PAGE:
Language(s): English
Abstract/Description: There are many possible sources for youth to become educated about sexuality and reproduction, however the media are cited as particularly powerful and prominent sources of information (Jaworski, 2009). Particularly in an era in which abstinence-only messaging dominates sex education, media become a source to which young people turn and where they receive much of their sex-based messaging. Due to backlash over problematic content that perpetuates gender stereotypes and relays harmful messages about sex and sexuality, some magazines, including Teen Vogue, have attempted to shift towards more feminist-minded content (Keller, 2011, Milkie, 2002). This study is a qualitative critical feminist media analysis that examined the framing of sex, sexuality, and reproduction content in a sample of 60 Teen Vogue articles, an online publication that targets adolescents and young adults. The analysis revealed that overall, articles conveyed positive representations of sexuality, advocating for affirming and evidence-based sex education, self-empowerment through knowledge, and comprehensive reproductive healthcare for all. However, contradictory frames of sex stigmatization and a reproductive rights framework that advocates primarily for abortion rights were still highly prevalent in the data. Considering media is a significant component of the sexual socialization of youth, Sex Positive framing of sexuality which prioritizes pleasure, healthy relationships and sexual dynamics, and inclusive and affirmative sex education helps to create new narratives in media concerning how sex is viewed. These messages may have positive impacts by creating healthier sexual scripts and becoming dominant narratives in the future. However, articles in the data also utilized fear-mongering tactics that are notoriously used in abstinence-only sex education. These messages aid in further stigmatizing young people not only for having sex but also for not being informed of the potential associated risks, creating a harmful paradox that may counteract the goals of sexual health and sex positivity. Additionally, reproductive rights and reproductive justice messaging and the presentation of policy updates relevant to young readers has the potential to inform and socialize young people to be better informed about sex and sexuality, which may, in turn, lead to greater sexual empowerment. Such messaging may also empower youth activists in a time of political turmoil, connecting teen readers to what is going on around them, and providing concrete actions they can take to create political change. ?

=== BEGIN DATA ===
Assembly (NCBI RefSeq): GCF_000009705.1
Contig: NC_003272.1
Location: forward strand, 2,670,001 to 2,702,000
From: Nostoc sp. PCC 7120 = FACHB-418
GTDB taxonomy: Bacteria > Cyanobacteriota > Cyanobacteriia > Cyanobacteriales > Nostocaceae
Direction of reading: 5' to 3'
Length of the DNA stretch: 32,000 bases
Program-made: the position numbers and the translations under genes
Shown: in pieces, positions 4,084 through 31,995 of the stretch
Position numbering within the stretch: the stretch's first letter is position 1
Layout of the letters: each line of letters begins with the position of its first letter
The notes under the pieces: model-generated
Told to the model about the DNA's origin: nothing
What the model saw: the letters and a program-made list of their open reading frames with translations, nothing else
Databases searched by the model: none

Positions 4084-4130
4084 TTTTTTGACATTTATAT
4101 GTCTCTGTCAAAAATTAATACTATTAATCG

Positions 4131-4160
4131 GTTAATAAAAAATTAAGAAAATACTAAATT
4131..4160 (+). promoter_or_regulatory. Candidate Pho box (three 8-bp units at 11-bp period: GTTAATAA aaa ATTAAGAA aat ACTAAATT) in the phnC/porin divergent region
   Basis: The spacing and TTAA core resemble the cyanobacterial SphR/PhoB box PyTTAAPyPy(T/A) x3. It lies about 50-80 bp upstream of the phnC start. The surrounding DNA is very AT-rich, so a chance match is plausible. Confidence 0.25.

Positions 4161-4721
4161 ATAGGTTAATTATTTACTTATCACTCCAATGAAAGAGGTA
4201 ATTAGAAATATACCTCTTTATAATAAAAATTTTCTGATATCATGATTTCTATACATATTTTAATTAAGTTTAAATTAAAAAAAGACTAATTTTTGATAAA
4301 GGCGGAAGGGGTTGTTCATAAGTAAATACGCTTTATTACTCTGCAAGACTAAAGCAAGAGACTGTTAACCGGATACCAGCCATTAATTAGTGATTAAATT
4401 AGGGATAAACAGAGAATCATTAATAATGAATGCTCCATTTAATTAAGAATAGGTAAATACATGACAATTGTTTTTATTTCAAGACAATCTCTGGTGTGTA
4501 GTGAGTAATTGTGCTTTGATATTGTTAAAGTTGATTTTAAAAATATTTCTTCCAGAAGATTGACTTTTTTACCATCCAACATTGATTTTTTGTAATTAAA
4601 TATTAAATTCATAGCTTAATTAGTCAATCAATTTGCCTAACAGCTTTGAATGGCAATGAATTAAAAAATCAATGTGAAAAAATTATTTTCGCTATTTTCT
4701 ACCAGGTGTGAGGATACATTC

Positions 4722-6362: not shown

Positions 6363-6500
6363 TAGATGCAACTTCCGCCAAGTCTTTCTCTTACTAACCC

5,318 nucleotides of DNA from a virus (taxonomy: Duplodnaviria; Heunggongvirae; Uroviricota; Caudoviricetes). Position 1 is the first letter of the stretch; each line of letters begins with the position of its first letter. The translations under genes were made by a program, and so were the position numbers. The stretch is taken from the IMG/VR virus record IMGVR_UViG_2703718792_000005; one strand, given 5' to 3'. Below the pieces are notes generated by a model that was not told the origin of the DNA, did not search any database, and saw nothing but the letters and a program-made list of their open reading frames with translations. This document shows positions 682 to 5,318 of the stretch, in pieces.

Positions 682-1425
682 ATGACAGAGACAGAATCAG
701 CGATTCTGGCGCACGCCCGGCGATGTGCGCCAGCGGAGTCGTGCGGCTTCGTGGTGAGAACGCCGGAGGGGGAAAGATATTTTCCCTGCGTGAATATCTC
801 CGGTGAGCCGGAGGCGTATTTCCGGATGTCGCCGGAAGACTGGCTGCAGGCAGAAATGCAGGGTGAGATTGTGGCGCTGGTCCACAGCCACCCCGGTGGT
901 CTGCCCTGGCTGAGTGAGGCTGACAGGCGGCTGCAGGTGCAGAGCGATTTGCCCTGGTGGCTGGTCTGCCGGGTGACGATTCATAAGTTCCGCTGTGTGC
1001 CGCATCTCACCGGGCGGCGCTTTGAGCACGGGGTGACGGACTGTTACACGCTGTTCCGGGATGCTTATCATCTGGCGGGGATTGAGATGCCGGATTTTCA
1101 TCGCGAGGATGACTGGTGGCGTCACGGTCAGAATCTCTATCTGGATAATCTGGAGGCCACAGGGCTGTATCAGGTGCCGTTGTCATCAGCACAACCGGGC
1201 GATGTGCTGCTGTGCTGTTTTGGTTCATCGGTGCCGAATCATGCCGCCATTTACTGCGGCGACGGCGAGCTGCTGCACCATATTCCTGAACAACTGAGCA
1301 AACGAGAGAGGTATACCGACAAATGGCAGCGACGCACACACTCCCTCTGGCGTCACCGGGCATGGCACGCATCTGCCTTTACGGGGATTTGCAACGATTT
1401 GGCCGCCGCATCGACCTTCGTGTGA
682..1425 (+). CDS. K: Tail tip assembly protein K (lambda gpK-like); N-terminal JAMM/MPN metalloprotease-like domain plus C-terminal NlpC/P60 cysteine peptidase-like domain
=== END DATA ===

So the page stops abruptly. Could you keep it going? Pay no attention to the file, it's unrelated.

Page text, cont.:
Identifier: CFE0007832 (IID), ucf:52815 (fedora)
Note(s): 2019-12-01
M.A.
Sciences,
Masters
This record was generated from author submitted information.
Subject(s): Critical Feminist Media Analysis -- Textual Content Analysis -- Media Framing -- Adolescent Media -- Sex Positivity -- Reproductive Justice -- Reproductive Rights -- Sex Education -- Adolescent Socialization -- Sexual Scripts -- Teen Magazines -- Reproductive Health -- Birth Control -- Abortion -- Religion -- Politics
Persistent Link to This Record: http://purl.flvc.org/ucf/fd/CFE0007832
Restrictions on Access: campus 2022-12-15
Host Institution: UCF